In deciding the matter, the court held that the respondents knew of the existence of the appellant and had a legal duty to join the appellant in the suit so that they can be given an opportunity to be heard. It ruled that the court had no jurisdiction to make orders that bind a party who was not given an opportunity to be heard. The appeal was thus upheld.
The appeal was against a garnishee order attaching a sum of approximately N97 million belonging to the appellant granted by the lower court. The appeal was based on the claim that the garnishee order was made without hearing the appellants’ earlier motion for a of stay execution. This, the appellants argued, was a violation of their right to a fair trial.
The respondent raised a preliminary objection that the appellant had no standing because it was judgement debtor, not the garnishee. It further argued that the appellants had not obtained leave to appeal.
The appellants responded by pointing out that they were respondents to the garnishee application, and that the funds that were to be attached belonged to them. Thus, they had locus standi (the standing and right to file this appeal).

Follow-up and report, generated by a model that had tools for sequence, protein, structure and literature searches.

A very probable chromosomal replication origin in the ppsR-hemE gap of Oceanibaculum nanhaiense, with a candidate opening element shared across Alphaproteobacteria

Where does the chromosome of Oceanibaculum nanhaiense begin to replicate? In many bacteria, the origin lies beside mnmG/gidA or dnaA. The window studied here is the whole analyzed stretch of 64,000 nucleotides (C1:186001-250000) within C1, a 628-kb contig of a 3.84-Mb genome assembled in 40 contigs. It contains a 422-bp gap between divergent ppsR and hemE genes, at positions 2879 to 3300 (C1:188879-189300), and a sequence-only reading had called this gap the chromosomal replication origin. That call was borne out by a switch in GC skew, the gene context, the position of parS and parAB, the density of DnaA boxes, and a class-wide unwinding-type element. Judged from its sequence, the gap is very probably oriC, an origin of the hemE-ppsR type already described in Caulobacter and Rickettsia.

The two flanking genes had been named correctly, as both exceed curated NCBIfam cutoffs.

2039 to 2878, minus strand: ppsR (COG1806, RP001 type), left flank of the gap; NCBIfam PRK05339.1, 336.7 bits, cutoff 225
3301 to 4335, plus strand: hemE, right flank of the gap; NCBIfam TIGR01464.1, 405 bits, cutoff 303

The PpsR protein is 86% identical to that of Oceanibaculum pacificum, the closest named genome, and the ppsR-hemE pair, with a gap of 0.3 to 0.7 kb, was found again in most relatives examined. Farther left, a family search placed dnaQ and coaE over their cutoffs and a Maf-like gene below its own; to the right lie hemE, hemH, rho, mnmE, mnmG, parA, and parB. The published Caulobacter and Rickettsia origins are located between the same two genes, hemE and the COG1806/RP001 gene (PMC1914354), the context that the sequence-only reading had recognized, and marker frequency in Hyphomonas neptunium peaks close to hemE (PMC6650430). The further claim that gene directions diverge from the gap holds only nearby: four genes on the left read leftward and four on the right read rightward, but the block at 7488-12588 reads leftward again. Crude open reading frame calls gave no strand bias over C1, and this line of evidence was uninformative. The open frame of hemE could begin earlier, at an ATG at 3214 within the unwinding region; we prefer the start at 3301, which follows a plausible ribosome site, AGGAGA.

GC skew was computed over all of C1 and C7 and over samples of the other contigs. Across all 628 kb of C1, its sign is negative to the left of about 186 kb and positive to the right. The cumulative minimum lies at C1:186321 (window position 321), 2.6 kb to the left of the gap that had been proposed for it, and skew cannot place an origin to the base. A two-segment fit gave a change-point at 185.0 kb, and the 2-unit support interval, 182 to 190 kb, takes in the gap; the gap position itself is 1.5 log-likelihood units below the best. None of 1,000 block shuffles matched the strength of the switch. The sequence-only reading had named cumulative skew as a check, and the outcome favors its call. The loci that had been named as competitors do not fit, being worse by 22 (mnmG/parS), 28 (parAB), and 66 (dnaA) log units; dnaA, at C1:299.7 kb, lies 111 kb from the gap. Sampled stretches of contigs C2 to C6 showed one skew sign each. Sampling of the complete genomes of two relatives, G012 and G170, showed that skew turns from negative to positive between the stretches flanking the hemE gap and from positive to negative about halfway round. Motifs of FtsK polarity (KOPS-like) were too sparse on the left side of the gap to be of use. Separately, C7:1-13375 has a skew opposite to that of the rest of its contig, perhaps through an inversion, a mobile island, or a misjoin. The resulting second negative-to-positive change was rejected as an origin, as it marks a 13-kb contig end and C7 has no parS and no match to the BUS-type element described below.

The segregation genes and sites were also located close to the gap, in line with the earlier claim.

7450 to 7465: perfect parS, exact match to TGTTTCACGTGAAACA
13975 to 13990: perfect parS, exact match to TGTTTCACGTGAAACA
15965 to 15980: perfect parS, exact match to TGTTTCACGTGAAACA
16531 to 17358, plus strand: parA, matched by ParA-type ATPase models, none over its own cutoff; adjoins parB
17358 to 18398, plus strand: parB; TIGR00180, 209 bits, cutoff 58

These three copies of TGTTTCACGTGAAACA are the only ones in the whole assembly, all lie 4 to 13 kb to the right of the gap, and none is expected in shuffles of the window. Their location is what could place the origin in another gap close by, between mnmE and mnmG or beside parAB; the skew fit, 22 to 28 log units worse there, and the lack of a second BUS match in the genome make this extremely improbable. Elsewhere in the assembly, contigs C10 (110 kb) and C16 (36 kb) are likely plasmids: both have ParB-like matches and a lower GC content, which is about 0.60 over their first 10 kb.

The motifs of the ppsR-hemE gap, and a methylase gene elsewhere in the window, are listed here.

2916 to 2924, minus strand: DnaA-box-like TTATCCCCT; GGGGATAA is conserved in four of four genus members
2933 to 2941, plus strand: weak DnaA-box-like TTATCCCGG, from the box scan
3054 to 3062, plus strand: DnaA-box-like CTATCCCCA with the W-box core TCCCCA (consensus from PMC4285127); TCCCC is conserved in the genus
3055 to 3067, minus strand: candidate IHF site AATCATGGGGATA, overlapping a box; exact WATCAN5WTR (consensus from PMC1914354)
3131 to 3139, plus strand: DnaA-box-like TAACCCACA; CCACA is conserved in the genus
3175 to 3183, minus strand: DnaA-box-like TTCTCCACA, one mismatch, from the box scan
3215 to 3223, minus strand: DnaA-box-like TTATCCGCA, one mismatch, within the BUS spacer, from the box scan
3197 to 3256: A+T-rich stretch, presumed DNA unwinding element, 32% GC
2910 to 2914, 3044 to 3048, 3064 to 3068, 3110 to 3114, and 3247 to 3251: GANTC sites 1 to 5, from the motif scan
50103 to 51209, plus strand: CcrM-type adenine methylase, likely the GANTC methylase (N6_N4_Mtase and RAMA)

The court held that it is only the garnishee that can appeal an order made by the court. It ruled that garnishee proceedings are strictly between the creditor and the garnishee. It found that the appellant lacked locus standi to file the appeal and the appeal was dismissed.
The issue was whether the unilateral withdrawal of a bank guarantee by the appellant amounted to breach of contract.
The appeal emanated from judgement of trial court which found that the withdrawal of a bank guarantee by the appellant
was in breach of contract. The appellant had advanced a bank guarantee to the respondent to guarantee its trading capacity with MTN, a communications company for which it was a distributor. The parties agreed that the contract can only be terminated by giving 60 days’ notice period. The appellant unilaterally terminated the contract.
The respondent successfully challenged the termination in a lower court and was awarded damages amounting to ten million Naira with pre-trial interest. The appellant appealed the decision on the basis that it withdrew the bank guarantee after the respondent breached the agreement. It argued that the respondent’s claim was premised on negligence which had not been proven.